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Following the Idols (Part 3): The Ambitionist Generation (1985-1996)

A series on the business idols of different generations.

The biggest change in the HR market, the absolute focus on idolism and talent management, was motivated by this generation. It has been said by experts that the changes started by the Diplomats generation were accelerated, intensified and completed by the Ambitionists. No wonder, since we are talking about a very strong-willed, almost pushy generation, for whom it was not a lucky start to their careers from a generational career point of view. We could say of the Precisionists and Diplomats generations that they were in the right place at the right time for different reasons, but the Ambitionists generation, in this respect, we can say that they started their careers in business at the worst possible point. The 2008 global economic crisis and the period that followed was when they were entering or could have entered the workforce, and the next stage of their careers was timed to take place in COVID-19. If these two facts alone are taken into account, it is understandable that this generation does not have a very good relationship with the parents of the generations before them.

Ideal Timing

Although the timing of their entry into the workforce was unfortunate for their own careers, their impact on the overall HR culture is significant for this very reason. This generation has redefined the idol by completely changing decades of tradition. In fact, this generation listens, appreciates and sees through traditional managerial tricks. This is mainly due to the fact that the Ambitionists generation was the first generation that did not learn or live through it, but grew up with social media in a concrete way. They are fully aware of how to use the online space and, more importantly, they can see exactly who is and isn’t real. Often, they also exaggerate their expectations of reality, but this is understandable when they spent their entire youth in the “fabulous world” of Facebook and then Instagram. In addition to the need for realism, there is another important factor that has become a basic expectation of idols: the ability to portray a quasi “superhero” figure. The idol must have special skills in his or her profession and be able to apply them in an appropriate way. And in their case, validation means money and fame, because that is what they really want. This generation has created a situation in business where, without real idols, a company can only survive because the most talented people won’t go to work there. Because the Ambitionists expect two things from a job: either they can build their own career and become an idol for their generation – which is a difficult challenge – or for the next generation, or they want to be next to an idol so that they can experience a sense of success, status and power every day and get a dose of it.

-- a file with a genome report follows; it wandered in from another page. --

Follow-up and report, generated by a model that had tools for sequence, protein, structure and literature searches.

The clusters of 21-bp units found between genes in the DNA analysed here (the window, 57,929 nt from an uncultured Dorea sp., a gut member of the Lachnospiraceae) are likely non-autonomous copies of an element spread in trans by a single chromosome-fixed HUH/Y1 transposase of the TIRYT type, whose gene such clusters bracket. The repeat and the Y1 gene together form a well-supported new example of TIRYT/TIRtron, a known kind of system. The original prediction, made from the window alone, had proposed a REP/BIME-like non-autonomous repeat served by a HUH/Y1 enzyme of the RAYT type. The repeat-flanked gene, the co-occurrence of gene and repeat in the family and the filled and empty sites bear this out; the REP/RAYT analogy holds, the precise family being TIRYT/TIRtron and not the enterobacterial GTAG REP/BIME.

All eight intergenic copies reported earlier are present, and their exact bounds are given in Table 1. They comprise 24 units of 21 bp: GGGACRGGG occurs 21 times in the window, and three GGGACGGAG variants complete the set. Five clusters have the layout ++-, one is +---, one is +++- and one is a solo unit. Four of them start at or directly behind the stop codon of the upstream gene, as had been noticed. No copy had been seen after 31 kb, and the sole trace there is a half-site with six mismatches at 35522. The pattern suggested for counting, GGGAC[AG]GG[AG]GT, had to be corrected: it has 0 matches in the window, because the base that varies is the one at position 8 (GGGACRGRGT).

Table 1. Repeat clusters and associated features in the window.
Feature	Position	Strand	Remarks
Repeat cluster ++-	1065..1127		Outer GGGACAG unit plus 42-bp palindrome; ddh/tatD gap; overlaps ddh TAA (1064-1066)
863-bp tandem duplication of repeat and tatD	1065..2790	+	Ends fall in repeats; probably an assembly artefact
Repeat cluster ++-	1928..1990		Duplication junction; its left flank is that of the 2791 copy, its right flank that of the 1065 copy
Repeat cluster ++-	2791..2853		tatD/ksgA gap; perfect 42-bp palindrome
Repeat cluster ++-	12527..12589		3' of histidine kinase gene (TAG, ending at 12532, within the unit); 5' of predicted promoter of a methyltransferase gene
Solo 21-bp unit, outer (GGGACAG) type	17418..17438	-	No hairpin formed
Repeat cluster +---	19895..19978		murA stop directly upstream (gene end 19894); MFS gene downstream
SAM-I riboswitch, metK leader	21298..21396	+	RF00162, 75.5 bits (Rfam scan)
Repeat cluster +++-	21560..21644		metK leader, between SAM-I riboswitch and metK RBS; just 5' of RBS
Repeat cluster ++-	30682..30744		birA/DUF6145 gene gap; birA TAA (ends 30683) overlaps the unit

The idols of the Ambitionists

When we define the idol image of the Ambitionist Generation, we also roughly define the rules for companies to build idol management, as the biggest fight in the market is currently going on to attract and retain this generation. No wonder, as they are at the heart of their active working years and the development of their companies. Today’s 26–37-year-olds are becoming true managers, they are now beginning to see a return on the energy and money invested in them, and unfortunately they are at a major crossroads in their careers, so there is a good chance that they will make a final judgement about their current jobs. And this judgement will be made primarily on the basis of the idol values of their leaders, the first decision-makers there, because they will not waste their time in the shadow of leaders from whom they cannot or should not learn. In their eyes, the idol is – and this is a big change from previous expectations – a highly skilled professional in his or her field, but also a good manager and a happy personal life to boot. It is the latter that the vast majority of managers fail at, as the previous generation was characterised by an easier career and therefore neglected their personal life. Moreover, the Ambitionists generation sees through social expectations, and for them a happy private life is not about having a traditional family model, but about whether the manager is actually radiating positive energy because he or she is satisfied with his or her private life. This may be because they are single, or have no children or pets, or even because they have eight children. What matters is whether you have found your own happiness. Many top managers and senior executives do not understand why young colleagues, who have built successful, great careers, do not respect them. In most cases, the reason is that his private life is seen as sad, often – we are talking about a very critical generation – pathetic, and they do not want to follow that example. Certainly, they have brought an age into the HR profession when it is either very easy or simply impossible to remain an idol, because, frankly, you have to become a truly idol figure, not just pretend to be one. That is why the use of a sharp mirror has become an essential part of idolisation management programmes, showing what the subordinates think of the manager, and without accepting this image there is no chance of real development, and then the generation of Ambitionists will generate a constant turnover in the company, as they will not stay with their employer.

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Following the Idols (Part 2): the Perfectionist Generation (1961-1972)